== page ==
This privately funded camp provides sports activities for blind and visually impaired children and young adults.
When Dr. Lauren Lieberman launched Camp Abilities in 1996 at The College at Brockport in upstate New York, Maria Lepore-Stevens had a front-row seat even though she was only about seven years old at the time.
Her mother, Monica Lepore, assisted Lieberman in establishing the privately funded camps for children and adults with multiple disabilities, including visual impairment. Maria, who is able-bodied, grew from being a tag-along to a coach and now director of several camps including Tucson.
“It was a really fun and unique way to grow up,” recalled Lepore-Stevens, currently a lecturer at Rowan University in New Jersey. “My perspective now as a practitioner in the field of visual impairment is very different. When you’re a kid, you do things differently.”
Camp Abilities Tucson is one of over 25 camps around the United States and internationally providing activities adapted to an individual’s needs along with 1-on-1 coaching. The Tucson camps serve anywhere from 25-30 participants each summer with sports like goalball, beep baseball, swimming, tandem cycling, five-a-side soccer, strength training, golf, and bowling during the week. Athletes and coaches also engage in team-building exercises that teach them to play, compete and work together as a group.
Athletes are assigned three specific sports in the morning and two in the afternoon. They’re also given the option to choose an activity that’s offered on a one-time basis during the camp. Known as Free Select, options include lacrosse and football.
Because of the intense heat in Arizona, campers rise at the crack of dawn to get an early start. Following the morning activities, they have lunch and a rest hour followed by the afternoon activities. After dinner, participants take part in a unique and fun camp-wide activity each night similar to a regular summer camp.
“One of our favorite activities in Tucson is the no-adult scavenger hunt. Our camp is located on the School for the Blind campus. Kids are sent off to do a scavenger hunt, and their counselors are not allowed to help at all. They have to follow (behind) and make sure kids don’t get hurt. I love it because it pushes the kids a little bit farther than they’re used to, and it really pushes my staff too.”
That staff consists of college students from various fields of study in physical education, special education, occupational therapy, physical therapy and vision programs. They serve as performance coaches and undergo training in visual impairment awareness. Head coaches are certified teachers and professionals in many of those same fields. Some are visually impaired athletes or teach visually impaired students.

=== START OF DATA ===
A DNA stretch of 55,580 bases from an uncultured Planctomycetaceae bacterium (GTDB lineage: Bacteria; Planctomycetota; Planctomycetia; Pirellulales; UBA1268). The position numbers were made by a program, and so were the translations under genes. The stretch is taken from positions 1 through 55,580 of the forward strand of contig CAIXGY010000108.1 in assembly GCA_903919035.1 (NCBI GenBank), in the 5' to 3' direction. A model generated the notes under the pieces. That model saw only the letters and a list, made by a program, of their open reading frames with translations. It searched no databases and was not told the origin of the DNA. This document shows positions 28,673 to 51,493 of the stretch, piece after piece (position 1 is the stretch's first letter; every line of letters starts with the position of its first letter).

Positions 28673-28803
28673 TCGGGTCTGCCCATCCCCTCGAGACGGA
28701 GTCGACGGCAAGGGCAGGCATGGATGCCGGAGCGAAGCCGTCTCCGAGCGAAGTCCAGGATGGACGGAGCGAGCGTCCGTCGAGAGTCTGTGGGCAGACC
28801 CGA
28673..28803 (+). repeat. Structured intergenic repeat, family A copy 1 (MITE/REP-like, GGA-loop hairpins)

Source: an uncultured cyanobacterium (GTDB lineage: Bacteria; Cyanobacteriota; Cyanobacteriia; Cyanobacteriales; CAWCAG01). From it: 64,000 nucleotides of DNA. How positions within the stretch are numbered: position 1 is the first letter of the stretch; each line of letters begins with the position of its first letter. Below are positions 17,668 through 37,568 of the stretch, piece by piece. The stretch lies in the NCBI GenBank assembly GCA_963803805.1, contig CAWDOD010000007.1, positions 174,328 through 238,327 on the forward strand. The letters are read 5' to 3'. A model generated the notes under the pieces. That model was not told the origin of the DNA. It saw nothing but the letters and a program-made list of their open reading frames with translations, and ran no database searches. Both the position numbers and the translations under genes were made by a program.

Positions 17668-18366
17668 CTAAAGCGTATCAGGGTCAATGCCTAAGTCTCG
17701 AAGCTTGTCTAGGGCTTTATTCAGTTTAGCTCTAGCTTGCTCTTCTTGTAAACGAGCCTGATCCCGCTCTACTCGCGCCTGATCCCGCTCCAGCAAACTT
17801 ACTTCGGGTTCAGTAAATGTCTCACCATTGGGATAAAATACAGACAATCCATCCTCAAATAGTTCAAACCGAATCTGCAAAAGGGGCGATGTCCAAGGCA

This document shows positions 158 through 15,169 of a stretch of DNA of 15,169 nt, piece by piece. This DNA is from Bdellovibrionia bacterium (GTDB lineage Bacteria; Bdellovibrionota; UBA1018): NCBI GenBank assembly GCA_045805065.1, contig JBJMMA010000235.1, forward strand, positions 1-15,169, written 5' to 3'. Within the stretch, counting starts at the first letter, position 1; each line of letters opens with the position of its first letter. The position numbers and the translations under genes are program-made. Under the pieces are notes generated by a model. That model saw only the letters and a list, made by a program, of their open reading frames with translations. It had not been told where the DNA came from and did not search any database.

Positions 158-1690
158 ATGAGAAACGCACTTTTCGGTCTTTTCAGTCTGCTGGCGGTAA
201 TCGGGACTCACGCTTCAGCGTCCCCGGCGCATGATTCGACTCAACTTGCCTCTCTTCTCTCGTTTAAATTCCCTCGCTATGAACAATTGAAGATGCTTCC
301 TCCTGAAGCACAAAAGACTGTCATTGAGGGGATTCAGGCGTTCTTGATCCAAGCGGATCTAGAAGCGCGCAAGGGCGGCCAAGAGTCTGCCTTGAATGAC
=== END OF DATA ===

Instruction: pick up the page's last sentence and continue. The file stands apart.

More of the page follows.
Lepore-Stevens believes in simulating experiences of what it’s like to be blind. Coaches are trained on how to use a white cane and wear blindfolds while taking part in specific sports.
“They go through it just like the kids would. If it’s a blind sport, they’re blindfolded for it.”
One of the biggest reasons Camp Abilities Tucson has grown significantly since its inception in 2004 is the lack of a cut-off age.
“Participants who are 18 years old, once they graduate from high school, can apply to be a coach. They can stay at camp as an athlete if they don’t have the independent skills to be a coach.”
During the pandemic shutdown, Lepore-Stevens and her staff held a virtual program in place of regular camps. Participants communicated with coaches through texting, Facetime and Zoom throughout the week. Three live sessions were held each day, along with an evening activity. Kids also utilized accessible YouTube videos taught by the coaches. They even received adaptive equipment for the virtual sessions.
“We mailed adaptive equipment to each kid’s house to keep. They received auditory basketballs, volleyballs, soccer balls, exercise bands, golf clubs, and a backpack to carry all their equipment in.”
Lepore-Stevens first encountered Foreseeable Future’s founder Griffin Pinkow at Camp Abilities Brockport over five years ago. She applied for a grant before the pandemic, but the funds were deferred for use next summer. The money will go toward subsidizing the cost for kids and their families who are unable to pay.
“Camp costs about $1,000 per child. We charge $300 per child. But we don’t ever say no to a kid because they can’t pay.”
For many children, Camp Abilities is the one opportunity during the year to participate in sports like their sighted peers. The experience creates a lasting impact on them and their families. One of Lepore-Stevens’ fondest recollections was watching a father whose two kids were playing goalball. All of a sudden, he began to cry. One of the staff members came over and asked if he was OK.
“I always dreamed I would be playing T-ball with my sons,” he explained. “When both of them were blind, I had to adjust my dream. Sitting here watching my kids play goalball, this is my T-ball with my sons.”
For Lepore-Stevens, there is no greater compliment.
“He realized that dream didn’t have to go away. He could just adjust how that sport was played or what sport they played together.”